When we hear from the PCT officers talk of the Order of St. John managing clinical issues on market-driven values, and of 14 single rooms rather than 4-bed bays, talk of "outcomes rather than inputs" and talk of the "secondment" of NHS nurses, "and if you want to call that a hospital, I have no objection", as Nigel Webb put it on Thursday, we are understandably frustrated that our view has been ignored. What has been proposed as "good news for Chipping Norton" is, it seems to me, systemically different in nature from our consistently-expressed desire. This is especially frustrating after letters from Mike Williams on 26th May (to me) and on June 9th (to Dr. Peter Skolar, of the JHOSC,) which gave a commitment to keeping the nurses and 14 intermediate care beds within the NHS.

I am especially annoyed and frustrated about the following

  • The way Cherwell Vale PCT handles communication. For a year we have been asking for information details on costing, business plans, design, staffing and management issues and (lately) on budgets. At best what we have received has been scanty and frustratingly inconsistent. We feel fobbed off, and the impression is given that the PCT officers dont have much idea about whats going on, and are making it up on the hoof.

  • The way last Thursdays meeting was managed. People from the town and district turned up hoping that their desires would be put before the board, and that their representatives would have a chance to put their case. Neither of these things happened. Not only was the decision taken on the flimsiest of detail about the three "options"; our preference was not even presented and considered as one of the options. Option 3 was an overstated case with wildly exaggerated costing, which, of course, the board rejected with an easy conscience. Furthermore, when local representatives spoke, not only were there interruptions (from the chair !!!!), but the questions asked and points made were totally ignored during the rest of the meeting. The mood downstairs immediately after the meeting was very angry, not just because of the decision, but because of the way it was taken.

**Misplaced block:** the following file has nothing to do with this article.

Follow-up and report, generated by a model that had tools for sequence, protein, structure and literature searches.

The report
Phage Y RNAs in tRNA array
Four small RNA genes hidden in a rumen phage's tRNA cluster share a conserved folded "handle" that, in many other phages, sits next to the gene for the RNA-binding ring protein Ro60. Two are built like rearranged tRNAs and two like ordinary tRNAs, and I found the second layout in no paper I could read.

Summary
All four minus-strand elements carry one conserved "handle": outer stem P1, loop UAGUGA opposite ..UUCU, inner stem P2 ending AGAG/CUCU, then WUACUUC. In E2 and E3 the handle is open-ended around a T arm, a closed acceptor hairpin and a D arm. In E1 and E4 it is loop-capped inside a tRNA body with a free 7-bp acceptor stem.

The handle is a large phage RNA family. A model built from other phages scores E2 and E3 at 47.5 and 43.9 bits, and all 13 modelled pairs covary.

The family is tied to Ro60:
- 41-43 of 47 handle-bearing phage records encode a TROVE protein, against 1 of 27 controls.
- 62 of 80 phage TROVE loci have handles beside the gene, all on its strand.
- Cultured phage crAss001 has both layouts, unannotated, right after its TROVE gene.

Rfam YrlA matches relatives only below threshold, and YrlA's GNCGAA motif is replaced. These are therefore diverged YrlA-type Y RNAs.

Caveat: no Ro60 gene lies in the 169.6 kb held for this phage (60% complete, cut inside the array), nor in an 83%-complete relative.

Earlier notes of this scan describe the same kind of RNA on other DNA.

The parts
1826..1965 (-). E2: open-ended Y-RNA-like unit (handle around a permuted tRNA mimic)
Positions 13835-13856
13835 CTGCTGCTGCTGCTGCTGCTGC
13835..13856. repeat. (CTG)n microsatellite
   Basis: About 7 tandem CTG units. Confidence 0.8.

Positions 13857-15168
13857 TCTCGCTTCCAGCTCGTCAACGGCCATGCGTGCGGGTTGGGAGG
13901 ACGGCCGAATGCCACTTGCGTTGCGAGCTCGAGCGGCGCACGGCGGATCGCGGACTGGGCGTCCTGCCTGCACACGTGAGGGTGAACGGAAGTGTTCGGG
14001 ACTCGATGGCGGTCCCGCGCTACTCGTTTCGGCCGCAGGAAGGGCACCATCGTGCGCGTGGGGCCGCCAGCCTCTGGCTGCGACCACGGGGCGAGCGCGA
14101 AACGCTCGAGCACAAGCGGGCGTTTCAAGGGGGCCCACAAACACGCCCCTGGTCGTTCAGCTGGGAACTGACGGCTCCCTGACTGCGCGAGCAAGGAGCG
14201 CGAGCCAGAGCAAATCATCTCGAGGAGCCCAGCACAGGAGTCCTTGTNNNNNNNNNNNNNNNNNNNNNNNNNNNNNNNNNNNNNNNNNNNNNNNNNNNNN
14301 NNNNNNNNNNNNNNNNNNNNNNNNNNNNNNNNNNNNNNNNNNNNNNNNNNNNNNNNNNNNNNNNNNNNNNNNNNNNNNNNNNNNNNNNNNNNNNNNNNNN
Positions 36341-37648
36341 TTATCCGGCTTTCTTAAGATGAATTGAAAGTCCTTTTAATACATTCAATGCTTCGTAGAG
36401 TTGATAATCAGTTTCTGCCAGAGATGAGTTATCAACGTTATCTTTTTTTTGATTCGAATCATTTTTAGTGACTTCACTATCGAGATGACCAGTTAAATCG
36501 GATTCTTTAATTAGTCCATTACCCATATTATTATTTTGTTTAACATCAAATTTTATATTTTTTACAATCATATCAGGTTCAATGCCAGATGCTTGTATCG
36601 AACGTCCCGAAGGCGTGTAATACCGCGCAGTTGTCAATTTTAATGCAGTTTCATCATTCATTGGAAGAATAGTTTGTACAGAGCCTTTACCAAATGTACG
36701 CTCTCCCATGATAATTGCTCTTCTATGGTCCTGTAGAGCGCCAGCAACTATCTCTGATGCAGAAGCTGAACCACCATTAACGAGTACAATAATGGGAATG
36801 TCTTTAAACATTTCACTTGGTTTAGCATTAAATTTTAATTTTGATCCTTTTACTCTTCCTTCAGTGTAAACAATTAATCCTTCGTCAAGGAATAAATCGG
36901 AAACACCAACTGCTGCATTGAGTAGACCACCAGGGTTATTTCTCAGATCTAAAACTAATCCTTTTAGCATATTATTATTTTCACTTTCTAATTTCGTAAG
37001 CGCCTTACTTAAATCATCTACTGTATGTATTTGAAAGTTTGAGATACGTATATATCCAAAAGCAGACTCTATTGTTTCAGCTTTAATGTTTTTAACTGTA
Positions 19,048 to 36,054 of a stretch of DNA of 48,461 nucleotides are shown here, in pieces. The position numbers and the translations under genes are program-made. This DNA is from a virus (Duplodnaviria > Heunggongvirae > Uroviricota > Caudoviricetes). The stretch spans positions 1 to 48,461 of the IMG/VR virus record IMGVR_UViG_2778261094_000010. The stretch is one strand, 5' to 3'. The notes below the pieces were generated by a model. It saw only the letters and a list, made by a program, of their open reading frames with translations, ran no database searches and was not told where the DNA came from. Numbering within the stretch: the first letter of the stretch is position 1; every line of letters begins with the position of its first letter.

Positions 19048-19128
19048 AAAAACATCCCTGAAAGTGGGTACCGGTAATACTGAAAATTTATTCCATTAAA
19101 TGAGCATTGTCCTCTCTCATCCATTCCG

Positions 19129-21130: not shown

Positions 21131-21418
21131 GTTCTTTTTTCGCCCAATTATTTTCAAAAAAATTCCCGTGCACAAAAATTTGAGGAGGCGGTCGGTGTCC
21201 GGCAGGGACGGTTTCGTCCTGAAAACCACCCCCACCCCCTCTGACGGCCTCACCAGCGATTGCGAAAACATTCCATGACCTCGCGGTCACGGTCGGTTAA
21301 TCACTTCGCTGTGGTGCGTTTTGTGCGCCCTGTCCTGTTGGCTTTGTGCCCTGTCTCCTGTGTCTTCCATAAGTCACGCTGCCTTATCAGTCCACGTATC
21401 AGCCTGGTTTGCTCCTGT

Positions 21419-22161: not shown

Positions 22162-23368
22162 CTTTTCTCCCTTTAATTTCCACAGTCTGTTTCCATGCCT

I really do hope that a new hospital can be built for the people of Chipping Norton, and that these issues can be resolved. We really dont want to seem intransigent and ungrateful. But on the evidence of Thursdays meeting, it seems that we have not been heard.

    For your information, we have planned another public meeting for September 7th, in St. Marys church, so that we can keep the community updated about progress, to which I have invited the officers of the PCT, OoSJ and OCC.


Yours sincerely

Steve Weston,
Chair, Healthcare Users Group


Chipping Norton,


Dr Peter Skolar,


Health Scrutiny Committee,

Dear Dr Scholar,


I have today attended the board meeting of the Cherwell Vale Primary Care Trust Board in Chipping Norton Town Hall, and am deeply concerned that the Trust has gone back on the written undertaking agreed to and signed by you on 9th June, which would preserve the new hospitals staffing and management within the NHS. This has been done without any consultation with the staff of the present hospital, or with the users of the hospital.

The new acting chief executive of the trust actually said in an aside "Call it a hospital if you like", implying in a somewhat condescending way that the Trust intends to downgrade it. On their past record of misleading statements and attempts to bypass any real gathering of public views by having meetings when people are not home from work, or likely to be on holiday, I do not trust them much.

The plan passed by the Board today will second NHS nurses to the new hospital which will be run by the St Johns care organisation which runs Castle View at present. Good though they may be at running care homes, I understand that their total experience of running hospitals is three months at one in Gloucester. Moreover, there is to be no manager: only a head nurse. The prospect of such inadequate measures for running it is very alarming. Whatever the state of its buildings, the standard of nursing care, hygeine, and general care for the welfare of patients in the Memorial Hospital is very high. It seems all this would be jettisoned by the proposed new arrangements.